On and on it goes … This past week I read the March 28 posting of my Canadian colleague, Jan, who is currently serving with EAPPI in East Jerusalem. Jan writes poignantly about the violence done to Palestinian children who are arrested and detained in Israeli military prisons. She references the recent UNICEF report “Children in Israeli Military Detention” (February 2013) and states that according to Defence for Children International (DCI), in the month of February alone, 236 Palestinian children were imprisoned and prosecuted in the Israeli military court system, the highest monthly total since October 2010. Of that number, 39 were between the ages of 12 and 15 ~ Another example of the evil of occupation.

School Children Detained Hebron ~ March 20, 2013Photo Credit: Public Domain

School Children Detained by Israeli Army
Hebron ~ March 20, 2013
Photo Credit: EAPPI

An incident on Wednesday, March 20, brings this all home! At 7:30 AM, 22 Israeli soldiers arrived at the Hebron Public Elementary School and apprehended 27 minors, ages 7-15. Two of the children were released on the side of a road shortly after being detained, but the remaining 25 were taken to the police station, where they were photographed and had their fingerprints taken. Teachers from the school went to the police station but were not allowed to enter. At 2:00 PM the soldiers released the 8 youngest children but continued to detain the remaining 17, all between the ages of 13 and 15. This incident is in clear violation of international law! And yet we hear nothing of this in our media. (Click here to view a video of the incident as recorded by the Israeli Human Rights Organization, B’Tselem.)

Now in its 46th year, this occupation has gone on far too long. It must end! ~ No child should have to live with the realities of an occupation that steals their childhood and occupies their young lives! ~ Children deserve to be occupied with being children! ~ The memories haunt me still ~ My heart aches ~ Will we stand up and speak out? ~ For the sake of the children?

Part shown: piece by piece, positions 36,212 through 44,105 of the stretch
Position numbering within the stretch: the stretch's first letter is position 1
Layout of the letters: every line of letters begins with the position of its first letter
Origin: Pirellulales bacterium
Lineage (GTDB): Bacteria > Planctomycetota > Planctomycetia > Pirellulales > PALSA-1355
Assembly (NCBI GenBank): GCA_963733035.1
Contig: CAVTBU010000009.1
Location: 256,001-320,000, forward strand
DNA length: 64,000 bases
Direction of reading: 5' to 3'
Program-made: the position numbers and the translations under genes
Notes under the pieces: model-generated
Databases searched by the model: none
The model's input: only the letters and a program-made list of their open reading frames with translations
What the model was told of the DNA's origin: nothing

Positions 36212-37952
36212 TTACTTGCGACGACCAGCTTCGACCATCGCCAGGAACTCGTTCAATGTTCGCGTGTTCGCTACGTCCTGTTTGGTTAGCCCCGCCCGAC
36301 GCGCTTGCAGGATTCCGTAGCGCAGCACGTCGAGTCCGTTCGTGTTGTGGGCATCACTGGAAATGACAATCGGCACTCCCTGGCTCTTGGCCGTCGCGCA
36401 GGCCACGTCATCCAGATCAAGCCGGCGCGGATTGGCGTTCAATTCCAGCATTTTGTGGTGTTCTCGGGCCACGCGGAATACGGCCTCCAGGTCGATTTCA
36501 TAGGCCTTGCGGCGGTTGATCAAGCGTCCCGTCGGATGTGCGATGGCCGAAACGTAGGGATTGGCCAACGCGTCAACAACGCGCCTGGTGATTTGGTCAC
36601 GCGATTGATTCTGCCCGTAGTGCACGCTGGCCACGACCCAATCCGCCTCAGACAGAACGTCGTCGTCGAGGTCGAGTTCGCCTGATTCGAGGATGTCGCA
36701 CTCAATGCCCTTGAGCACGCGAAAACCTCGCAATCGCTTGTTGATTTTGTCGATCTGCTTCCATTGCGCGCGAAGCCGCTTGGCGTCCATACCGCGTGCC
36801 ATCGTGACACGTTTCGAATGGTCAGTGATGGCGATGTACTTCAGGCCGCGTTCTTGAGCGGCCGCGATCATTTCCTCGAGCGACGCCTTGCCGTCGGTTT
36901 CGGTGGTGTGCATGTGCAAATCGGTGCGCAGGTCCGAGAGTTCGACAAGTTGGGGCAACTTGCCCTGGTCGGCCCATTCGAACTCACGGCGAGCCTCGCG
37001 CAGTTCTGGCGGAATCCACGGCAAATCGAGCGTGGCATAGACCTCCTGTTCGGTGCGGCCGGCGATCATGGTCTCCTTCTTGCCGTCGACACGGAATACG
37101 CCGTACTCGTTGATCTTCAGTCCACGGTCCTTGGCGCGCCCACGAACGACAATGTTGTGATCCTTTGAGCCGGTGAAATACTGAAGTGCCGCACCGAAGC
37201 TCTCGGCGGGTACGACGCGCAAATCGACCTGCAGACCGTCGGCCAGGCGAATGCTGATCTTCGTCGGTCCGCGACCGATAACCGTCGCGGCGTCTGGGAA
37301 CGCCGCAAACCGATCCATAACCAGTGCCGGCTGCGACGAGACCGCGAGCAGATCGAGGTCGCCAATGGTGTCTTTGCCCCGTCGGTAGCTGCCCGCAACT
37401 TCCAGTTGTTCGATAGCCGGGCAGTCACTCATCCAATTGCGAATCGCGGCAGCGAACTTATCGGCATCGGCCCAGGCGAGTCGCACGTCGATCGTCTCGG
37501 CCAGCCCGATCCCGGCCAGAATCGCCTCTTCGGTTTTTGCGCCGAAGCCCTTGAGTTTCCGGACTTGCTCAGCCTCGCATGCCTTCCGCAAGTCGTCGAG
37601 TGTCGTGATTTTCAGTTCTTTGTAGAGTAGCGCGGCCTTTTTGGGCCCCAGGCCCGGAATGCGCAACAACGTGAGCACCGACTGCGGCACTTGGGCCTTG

024094096123014

150152087039(Credit for all children’s photos: Dawn)

Advertisements
This entry was posted in Uncategorized. Bookmark the permalink.

3 Responses to An Occupied Childhood ~ A Reality for Palestinian Children

  1. pugmother says:

    You are right, Dawn! This has to stop!

  2. Susan Sorensen says:

    I too have recently spent time with a beloved child in my life – a five year old grand niece – full of imagination and possibility. Your stories of the reality of the lives of these children of Palestine tug at my heart – thank you for continuing to tell their story . . .

  3. Peter says:

    It is just not fair Dawn! The life our grandchildren have here in Canada is just so vastly different.

Leave a Reply

Fill in your details below or click an icon to log in:

WordPress.com Logo

You are commenting using your WordPress.com account. Log Out / Change )

Twitter picture

You are commenting using your Twitter account. Log Out / Change )

Facebook photo

You are commenting using your Facebook account. Log Out / Change )

Google+ photo

You are commenting using your Google+ account. Log Out / Change )

Connecting to %s